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Nobel for Brain’s Location Code

Three scientists who made headway in cracking the brain’s code win Nobel Prize for discovering animal’s “inner GPS.”

The Nobel Prize in Physiology or Medicine went to three researchers who made key discoveries about how the brain represents an animal’s position in space, orienting it and letting it navigate.

Half the $1.1 million prize was awarded to John O’Keefe, who discovered cells in the hippocampus of rats that fired off in reaction to specific places the animals were in. The work on such “place cells” was later expanded upon by a married couple from Norway, May-Britt and Edvard Moser, who shared in the prize for their discovery of a separate type of cell, grid cells, which allow animals to navigate.

From the announcement by the Nobel Assembly, based at the Karolinska Institute in Stockholm:

How do we know where we are? How can we find the way from one place to another? And how can we store this information in such a way that we can immediately find the way the next time we trace the same path? This year´s Nobel Laureates have discovered a positioning system, an “inner GPS” in the brain that makes it possible to orient ourselves in space, demonstrating a cellular basis for higher cognitive function.

An important aspect the Nobel-winning work was that it was among the first to directly observe the so-called “codes” by which neurons express information, in this case by altering how quickly it fires. In Cracking the Brain’s Codes, from our July/August issue, researchers Christof Koch and Gary Marcus foreshadowed today’s Nobel awards:

Among the most important codes in any animal’s brain are the ones it uses to pinpoint its location in space. How does our own internal GPS work? How do patterns of neural activity encode where we are? A first important hint came in the early 1970s with the discovery by John O’Keefe at University College in London of what became known as place cells in the hippocampus of rats. Such cells fire every time the animal walks or runs through a particular part of a familiar environment. In the lab, one place cell might fire most often when the animal is near a maze’s branch point; another might respond most actively when the animal is close to the entry point. The husband-and-wife team of Edward and May-Britt Moser discovered a second type of spatial coding based on what are known as grid cells. These neurons fire most actively when an animal is at the vertices of an imagined geometric grid representing its environment. With sets of such cells, the animal is able to triangulate its position, even in the dark. (There appear to be at least four different sets of these grid cells at different resolutions, allowing a fine degree of spatial representation.)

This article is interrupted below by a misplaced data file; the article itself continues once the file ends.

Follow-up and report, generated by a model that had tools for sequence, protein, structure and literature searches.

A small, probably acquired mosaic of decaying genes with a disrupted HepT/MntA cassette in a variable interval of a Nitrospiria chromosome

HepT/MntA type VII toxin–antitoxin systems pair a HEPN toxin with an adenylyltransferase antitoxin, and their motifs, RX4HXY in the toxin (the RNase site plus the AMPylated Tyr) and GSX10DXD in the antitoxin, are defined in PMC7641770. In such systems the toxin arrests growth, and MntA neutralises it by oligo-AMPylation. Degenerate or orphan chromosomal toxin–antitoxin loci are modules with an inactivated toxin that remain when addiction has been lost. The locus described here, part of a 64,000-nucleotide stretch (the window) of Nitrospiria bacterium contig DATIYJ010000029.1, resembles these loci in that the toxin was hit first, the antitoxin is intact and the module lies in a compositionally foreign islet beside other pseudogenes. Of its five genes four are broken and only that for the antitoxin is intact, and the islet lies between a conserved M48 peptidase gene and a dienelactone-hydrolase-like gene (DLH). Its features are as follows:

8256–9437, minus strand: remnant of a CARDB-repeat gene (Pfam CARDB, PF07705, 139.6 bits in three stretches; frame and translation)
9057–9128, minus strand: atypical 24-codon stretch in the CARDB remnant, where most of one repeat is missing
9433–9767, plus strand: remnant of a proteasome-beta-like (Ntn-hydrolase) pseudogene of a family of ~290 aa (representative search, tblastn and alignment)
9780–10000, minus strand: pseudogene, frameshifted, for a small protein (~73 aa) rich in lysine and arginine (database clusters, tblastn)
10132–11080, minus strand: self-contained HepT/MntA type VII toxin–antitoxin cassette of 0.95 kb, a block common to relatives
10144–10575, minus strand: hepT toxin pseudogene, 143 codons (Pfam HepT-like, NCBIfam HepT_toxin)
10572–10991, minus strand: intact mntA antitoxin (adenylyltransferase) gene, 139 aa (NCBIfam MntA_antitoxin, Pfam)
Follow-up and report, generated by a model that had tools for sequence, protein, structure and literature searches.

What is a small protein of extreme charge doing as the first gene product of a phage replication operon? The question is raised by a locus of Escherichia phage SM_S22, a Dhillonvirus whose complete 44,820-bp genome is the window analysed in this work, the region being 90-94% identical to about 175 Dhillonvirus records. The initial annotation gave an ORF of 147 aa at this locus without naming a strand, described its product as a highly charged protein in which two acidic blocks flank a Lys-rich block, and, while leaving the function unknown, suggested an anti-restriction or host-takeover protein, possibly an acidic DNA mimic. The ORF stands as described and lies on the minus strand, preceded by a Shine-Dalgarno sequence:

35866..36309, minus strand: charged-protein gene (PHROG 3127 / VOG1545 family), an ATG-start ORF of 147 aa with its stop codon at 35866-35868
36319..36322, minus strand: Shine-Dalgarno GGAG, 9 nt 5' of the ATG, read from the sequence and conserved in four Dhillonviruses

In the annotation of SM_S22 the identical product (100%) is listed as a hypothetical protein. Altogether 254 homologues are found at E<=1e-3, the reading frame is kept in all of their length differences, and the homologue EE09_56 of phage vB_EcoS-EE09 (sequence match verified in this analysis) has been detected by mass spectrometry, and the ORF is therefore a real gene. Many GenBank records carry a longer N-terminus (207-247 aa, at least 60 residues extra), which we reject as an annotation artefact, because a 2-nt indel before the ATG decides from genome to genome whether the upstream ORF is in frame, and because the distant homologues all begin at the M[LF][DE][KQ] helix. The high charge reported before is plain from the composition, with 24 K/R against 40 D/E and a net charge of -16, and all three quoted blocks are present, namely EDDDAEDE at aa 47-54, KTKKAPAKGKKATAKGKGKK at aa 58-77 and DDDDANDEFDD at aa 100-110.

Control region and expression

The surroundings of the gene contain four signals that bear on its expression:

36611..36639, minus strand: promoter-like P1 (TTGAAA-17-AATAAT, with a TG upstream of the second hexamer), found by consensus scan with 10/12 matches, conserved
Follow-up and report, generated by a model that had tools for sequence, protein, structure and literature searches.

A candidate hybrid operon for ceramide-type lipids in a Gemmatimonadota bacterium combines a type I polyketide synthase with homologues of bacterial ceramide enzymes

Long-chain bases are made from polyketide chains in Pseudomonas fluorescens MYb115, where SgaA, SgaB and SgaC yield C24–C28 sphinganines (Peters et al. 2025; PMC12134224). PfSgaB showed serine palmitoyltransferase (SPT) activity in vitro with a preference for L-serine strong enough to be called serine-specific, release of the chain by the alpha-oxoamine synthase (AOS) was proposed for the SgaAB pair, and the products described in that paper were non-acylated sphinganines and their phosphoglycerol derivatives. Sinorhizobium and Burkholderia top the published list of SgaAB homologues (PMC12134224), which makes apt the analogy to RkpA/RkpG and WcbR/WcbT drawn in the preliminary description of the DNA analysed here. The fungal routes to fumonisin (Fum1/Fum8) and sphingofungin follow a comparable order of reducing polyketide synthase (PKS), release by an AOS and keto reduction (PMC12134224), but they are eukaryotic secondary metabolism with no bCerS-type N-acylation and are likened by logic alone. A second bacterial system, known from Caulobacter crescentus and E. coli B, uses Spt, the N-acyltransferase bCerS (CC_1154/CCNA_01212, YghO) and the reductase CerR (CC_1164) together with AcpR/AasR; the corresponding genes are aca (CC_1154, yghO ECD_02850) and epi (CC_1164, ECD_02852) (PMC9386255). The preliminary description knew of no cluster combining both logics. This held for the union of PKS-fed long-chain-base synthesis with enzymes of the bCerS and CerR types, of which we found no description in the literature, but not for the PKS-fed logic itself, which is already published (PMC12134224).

These discoveries have since been extended by other scientists, including Matthew Wilson at MIT, whose lab has measured from dozens of brain cells at once, producing striking videos like the one below, showing place neurons firing as a rat moves through a maze.

Researchers say the findings may point to future technologies. Some engineers, for instance, have used the idea of grid cells as inspiration for new algorithms to control robots or autonomous submarines. Others are experimenting to see if they can rewrite memories. In July, DARPA gave out $40 million in awards to try to develop brain implants that would help brain-injured soldiers recover lost memories or have an easier time forming new ones.

But the brain has 86 billion neurons, and scientists still can’t claim to have broken more than bits and pieces of how it codes information. The frenzy of spikes, or firing, of neurons in a rat’s brain when it reaches a familiar place is just part of the story, according to Koch and Marcus:

If neuroscience has made real progress in figuring out how a given organism encodes what it experiences in a given moment, it has further to go toward understanding how organisms encode their long-term knowledge. We obviously wouldn’t survive for long in this world if we couldn’t learn new skills, like the orchestrated sequence of actions and decisions that go into driving a car. Yet the precise method by which we do this remains mysterious. Spikes are necessary but not sufficient for translating intention into action. Long-term memory—like the knowledge that we develop as we acquire a skill—is encoded differently, not by volleys of constantly circulating spikes but, rather, by literal rewiring of our neural networks.

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